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Forget Bitcoin and Sirius Minerals! Here’s why I would invest £500 in the FTSE 100 in 2020!

Stepan Lavrouk
Dice engraved with the words buy and sell

A good rule of thumb when saving for retirement is to always put aside at least a little bit of money every month, no matter how small. Doing so doesn’t just build a healthy habit, it can also get you closer to your goals than you might think. £500 might not seem like a lot of money but, when correctly invested over a long period of time, it can compound to a surprisingly large amount. Before you do that however, here’s what I think you should not do.

Bitcoin

The wild swings in the price of Bitcoin make it an attractive asset for speculators who dream of becoming overnight millionaires. Unfortunately, the price of Bitcoin is not tethered in any meaningful way to an underlying fundamental as stocks are. All tradable assets are to a certain extent affected by psychology and market sentiment. However, with a publicly-traded company, it is possible to calculate what the price of its stock should be, by estimating the present value of future cash flows and other metrics that it publishes regularly. 

Bitcoin does not produce any cash flows, making it impossible to determine what the ‘fair’ price for the cryptocurrency should be. For this reason, I believe that Bitcoin investing is essentially just gambling, which is a far cry from the risk-averse approach that investors should adopt.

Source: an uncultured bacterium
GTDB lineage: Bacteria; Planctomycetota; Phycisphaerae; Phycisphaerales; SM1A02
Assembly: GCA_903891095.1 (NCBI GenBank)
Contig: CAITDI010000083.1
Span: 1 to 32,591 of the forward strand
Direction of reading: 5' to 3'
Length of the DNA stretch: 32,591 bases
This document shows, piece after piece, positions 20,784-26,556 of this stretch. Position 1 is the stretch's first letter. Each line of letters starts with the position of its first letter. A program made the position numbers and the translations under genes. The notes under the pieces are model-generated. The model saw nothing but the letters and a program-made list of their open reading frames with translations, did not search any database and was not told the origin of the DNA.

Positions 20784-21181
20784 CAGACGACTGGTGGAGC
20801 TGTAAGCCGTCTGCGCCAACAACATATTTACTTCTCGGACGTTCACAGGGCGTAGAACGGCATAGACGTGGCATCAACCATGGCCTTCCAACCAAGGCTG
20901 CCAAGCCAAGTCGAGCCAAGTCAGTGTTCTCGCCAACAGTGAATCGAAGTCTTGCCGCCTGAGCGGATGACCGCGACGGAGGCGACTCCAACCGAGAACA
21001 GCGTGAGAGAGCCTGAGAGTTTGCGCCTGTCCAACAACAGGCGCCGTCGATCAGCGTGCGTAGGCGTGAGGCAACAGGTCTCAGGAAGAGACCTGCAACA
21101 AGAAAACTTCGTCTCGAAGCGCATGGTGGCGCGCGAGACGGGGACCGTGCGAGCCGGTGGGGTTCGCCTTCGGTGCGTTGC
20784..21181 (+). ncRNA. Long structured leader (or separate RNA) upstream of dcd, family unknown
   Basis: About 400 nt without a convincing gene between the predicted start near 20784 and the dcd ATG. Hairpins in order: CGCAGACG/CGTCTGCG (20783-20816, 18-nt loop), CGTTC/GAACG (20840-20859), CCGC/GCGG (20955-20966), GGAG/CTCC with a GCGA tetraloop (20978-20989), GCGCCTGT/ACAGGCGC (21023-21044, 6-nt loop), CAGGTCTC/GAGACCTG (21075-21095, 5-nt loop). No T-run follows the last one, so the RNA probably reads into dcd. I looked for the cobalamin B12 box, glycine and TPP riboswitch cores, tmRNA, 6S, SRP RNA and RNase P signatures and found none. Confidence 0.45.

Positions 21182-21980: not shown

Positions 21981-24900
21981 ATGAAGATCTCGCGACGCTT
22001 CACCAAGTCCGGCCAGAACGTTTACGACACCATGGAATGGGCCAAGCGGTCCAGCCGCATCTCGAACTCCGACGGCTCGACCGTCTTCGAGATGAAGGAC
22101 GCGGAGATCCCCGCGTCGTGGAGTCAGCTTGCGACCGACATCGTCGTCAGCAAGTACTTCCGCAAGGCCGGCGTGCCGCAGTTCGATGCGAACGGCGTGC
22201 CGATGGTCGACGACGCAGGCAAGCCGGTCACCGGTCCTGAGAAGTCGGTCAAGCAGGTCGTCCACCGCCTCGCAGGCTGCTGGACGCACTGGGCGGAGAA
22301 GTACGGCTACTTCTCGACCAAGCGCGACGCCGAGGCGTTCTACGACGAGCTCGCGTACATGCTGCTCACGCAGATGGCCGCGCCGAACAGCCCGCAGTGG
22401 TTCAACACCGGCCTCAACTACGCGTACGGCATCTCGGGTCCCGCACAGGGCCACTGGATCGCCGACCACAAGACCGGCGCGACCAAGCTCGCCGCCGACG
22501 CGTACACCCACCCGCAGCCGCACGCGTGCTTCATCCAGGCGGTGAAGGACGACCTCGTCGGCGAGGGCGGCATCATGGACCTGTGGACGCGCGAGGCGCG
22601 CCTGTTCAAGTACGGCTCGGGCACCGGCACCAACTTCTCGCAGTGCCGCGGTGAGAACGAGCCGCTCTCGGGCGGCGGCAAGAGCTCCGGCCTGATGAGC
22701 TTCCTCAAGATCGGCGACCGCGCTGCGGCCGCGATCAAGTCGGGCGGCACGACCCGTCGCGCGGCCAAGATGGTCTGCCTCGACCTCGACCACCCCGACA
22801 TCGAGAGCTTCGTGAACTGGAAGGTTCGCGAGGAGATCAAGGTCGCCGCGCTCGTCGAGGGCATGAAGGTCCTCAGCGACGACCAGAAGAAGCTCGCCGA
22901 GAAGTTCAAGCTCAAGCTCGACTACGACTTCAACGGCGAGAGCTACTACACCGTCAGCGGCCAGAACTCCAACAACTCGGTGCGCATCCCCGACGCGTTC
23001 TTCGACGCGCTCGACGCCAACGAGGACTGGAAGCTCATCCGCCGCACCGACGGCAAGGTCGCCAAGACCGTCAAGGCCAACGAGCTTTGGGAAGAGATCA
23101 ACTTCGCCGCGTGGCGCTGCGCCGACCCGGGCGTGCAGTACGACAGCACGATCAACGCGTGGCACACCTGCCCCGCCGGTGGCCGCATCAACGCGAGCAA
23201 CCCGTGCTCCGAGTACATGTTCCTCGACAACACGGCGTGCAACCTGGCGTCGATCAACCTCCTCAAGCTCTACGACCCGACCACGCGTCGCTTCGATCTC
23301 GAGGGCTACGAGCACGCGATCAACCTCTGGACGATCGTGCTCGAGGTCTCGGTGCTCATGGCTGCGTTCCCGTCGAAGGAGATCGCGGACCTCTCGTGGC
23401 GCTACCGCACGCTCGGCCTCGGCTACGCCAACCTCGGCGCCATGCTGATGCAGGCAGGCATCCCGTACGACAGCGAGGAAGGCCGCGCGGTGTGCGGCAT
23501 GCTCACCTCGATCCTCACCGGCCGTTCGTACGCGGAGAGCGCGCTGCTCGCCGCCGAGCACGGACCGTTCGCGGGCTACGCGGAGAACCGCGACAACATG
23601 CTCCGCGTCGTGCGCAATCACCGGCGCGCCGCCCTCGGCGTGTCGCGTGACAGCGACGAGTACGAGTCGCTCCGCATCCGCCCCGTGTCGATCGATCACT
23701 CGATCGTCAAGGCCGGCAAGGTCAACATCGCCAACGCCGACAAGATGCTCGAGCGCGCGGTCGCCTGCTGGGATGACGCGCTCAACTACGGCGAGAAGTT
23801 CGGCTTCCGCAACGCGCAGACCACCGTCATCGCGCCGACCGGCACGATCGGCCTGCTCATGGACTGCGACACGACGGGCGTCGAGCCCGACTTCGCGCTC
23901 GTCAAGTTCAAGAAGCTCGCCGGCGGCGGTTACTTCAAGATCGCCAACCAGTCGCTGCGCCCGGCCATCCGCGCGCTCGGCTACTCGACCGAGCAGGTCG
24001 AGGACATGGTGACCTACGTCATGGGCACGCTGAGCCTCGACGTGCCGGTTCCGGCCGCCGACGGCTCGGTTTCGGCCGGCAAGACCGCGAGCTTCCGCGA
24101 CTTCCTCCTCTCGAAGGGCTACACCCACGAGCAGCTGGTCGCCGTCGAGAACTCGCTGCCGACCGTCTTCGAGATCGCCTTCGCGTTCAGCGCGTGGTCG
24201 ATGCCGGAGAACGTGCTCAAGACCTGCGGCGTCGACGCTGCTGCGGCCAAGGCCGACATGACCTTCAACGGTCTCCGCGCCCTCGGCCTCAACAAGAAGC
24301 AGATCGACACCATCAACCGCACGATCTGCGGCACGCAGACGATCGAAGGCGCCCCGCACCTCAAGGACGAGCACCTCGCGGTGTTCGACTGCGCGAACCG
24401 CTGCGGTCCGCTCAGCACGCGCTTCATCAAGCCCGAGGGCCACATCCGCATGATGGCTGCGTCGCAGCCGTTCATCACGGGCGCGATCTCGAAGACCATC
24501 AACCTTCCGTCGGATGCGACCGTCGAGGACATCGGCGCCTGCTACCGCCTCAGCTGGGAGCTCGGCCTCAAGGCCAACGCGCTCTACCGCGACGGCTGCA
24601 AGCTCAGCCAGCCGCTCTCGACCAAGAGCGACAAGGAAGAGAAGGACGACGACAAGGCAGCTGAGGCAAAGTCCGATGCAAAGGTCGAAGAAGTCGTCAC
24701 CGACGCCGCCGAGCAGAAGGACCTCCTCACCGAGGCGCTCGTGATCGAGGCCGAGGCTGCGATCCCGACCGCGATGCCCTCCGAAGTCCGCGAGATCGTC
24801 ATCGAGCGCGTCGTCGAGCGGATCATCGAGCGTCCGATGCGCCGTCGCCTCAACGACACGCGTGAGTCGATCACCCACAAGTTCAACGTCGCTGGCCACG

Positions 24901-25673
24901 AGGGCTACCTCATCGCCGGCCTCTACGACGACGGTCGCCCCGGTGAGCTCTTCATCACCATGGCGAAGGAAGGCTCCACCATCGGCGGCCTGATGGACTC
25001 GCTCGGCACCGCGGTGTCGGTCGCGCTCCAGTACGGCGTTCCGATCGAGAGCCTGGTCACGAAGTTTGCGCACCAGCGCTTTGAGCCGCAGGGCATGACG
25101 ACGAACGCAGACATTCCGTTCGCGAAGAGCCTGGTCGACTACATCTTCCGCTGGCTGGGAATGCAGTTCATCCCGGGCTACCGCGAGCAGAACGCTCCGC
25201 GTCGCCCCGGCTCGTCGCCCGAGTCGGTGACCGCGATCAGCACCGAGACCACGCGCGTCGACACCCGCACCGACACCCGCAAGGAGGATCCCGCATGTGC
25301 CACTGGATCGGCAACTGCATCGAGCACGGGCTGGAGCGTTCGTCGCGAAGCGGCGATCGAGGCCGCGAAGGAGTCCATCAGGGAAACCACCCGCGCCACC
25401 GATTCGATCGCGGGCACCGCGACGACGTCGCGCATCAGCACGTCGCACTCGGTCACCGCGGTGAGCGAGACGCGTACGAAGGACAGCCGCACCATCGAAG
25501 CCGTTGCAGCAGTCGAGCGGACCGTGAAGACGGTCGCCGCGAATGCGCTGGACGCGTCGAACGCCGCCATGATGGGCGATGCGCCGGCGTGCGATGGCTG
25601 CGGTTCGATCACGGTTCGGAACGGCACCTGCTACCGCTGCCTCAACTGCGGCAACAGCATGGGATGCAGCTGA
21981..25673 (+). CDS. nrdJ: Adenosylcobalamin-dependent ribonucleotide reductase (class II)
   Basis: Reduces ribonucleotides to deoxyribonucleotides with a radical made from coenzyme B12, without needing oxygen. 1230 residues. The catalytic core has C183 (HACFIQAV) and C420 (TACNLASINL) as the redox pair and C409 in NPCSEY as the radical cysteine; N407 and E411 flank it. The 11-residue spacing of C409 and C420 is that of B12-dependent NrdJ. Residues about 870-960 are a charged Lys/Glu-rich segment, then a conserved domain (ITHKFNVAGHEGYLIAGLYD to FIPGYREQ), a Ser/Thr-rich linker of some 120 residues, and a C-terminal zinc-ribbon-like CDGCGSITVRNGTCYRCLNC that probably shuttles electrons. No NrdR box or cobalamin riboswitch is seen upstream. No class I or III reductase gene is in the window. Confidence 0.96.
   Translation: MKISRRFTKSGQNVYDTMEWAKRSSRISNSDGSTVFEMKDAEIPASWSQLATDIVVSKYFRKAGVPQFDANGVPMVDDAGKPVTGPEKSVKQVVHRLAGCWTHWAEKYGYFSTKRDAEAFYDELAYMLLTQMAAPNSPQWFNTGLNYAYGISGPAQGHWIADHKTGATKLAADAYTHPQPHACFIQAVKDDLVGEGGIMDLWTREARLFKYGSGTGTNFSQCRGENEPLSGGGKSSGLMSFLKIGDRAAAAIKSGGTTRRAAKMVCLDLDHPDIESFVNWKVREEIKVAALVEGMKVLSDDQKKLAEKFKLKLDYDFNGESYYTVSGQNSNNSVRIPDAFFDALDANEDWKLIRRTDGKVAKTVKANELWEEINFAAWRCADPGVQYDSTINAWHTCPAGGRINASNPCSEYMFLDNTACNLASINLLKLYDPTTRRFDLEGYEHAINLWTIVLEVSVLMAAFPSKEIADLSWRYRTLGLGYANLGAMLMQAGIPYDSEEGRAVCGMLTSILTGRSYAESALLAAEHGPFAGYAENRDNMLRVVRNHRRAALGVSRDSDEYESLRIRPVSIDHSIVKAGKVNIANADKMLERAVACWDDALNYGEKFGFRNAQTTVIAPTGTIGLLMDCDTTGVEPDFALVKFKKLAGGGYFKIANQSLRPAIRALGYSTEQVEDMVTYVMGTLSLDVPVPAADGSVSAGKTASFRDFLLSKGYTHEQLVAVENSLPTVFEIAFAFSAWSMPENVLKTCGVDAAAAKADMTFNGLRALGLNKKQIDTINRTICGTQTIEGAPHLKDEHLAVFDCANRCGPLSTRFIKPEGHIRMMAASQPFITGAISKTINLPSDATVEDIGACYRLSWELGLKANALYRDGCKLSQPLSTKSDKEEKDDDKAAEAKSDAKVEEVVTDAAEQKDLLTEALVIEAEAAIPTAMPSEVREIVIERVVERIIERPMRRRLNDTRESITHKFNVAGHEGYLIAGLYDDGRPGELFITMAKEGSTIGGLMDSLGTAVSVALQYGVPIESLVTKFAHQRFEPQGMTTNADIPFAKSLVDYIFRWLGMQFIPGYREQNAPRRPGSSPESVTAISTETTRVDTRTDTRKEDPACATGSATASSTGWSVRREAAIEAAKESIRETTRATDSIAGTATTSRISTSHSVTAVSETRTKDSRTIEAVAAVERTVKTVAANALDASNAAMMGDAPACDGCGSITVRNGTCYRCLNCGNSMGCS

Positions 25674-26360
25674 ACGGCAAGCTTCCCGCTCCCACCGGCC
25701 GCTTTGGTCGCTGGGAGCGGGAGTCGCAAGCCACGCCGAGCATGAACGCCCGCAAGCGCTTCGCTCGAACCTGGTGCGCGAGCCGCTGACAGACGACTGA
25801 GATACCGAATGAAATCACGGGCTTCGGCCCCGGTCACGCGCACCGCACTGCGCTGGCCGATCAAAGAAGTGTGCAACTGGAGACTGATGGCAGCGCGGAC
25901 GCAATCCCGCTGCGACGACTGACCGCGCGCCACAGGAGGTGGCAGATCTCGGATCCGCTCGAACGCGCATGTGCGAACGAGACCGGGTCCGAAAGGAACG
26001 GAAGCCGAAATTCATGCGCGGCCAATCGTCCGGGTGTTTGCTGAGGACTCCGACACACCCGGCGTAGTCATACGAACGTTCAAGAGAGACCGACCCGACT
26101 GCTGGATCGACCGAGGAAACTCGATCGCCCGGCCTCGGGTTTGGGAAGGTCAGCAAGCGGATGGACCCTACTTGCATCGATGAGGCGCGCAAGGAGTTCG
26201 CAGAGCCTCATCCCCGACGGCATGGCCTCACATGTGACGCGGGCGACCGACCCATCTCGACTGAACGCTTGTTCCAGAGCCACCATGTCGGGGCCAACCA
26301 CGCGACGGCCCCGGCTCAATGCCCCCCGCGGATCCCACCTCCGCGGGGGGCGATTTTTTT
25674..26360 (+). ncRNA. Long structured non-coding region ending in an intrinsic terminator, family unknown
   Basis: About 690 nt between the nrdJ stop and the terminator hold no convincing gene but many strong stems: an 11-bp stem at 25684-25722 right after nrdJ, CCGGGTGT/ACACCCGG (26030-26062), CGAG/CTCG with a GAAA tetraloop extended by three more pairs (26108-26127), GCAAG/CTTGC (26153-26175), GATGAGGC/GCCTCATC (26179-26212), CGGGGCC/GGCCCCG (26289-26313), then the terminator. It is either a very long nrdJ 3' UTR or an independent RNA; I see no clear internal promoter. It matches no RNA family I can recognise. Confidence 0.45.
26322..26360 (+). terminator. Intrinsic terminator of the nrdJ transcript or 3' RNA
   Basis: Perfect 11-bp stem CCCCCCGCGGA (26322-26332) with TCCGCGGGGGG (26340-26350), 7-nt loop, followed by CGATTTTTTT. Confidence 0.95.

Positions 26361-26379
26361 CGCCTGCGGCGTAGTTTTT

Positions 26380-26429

Sirius Minerals

Ok, so maybe Bitcoin isn’t the way to go. But what about stocks like Sirius Minerals (LSE: SXX)? Shares of the mining company have fallen almost 90% from their 2019 highs, so you may think that they represent a relatively safe buying opportunity. This kind of thinking has undermined many a novice investor — just because something has plummeted in price, doesn’t mean that it can’t go lower. 

Investors in Sirius who bought shares at 37p (the August high) may have lost almost 90% of their investment, but if you buy it at 3.5p a share (today’s price) you will lose 100% of your capital if it goes to zero. And there are many reasons to believe that this might happen. It does not make money, is not expected to be profitable any time soon, and is entirely reliant on outside funding for its continued existence. 

The stable path is best

The simple truth is, successful investors don’t expect to become millionaires overnight. Anything that can be earned quickly can be taken away just as fast. That kind of uncertainty is something that good investors should avoid at all costs. By looking to buy well-researched, reliable stocks with low (but not rock bottom) price-to-earnings ratios and good dividend yields (5%-7%), you can build up a retirement portfolio that, over a long time, will compound handsomely. That £500, invested at 5% for 40 years will grow to £3,519. And if you were to add an additional £500 every year, you would have £66,940 at the end of those 40 years! Now think about how much more that would be if you invest a few thousand more a year. A lot of little steps can add up to go a very long way.

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Stepan Lavrouk owns no stocks mentioned. The Motley Fool UK has no position in any of the shares mentioned. Views expressed on the companies mentioned in this article are those of the writer and therefore may differ from the official recommendations we make in our subscription services such as Share Advisor, Hidden Winners and Pro. Here at The Motley Fool we believe that considering a diverse range of insights makes us better investors.

Motley Fool UK 2019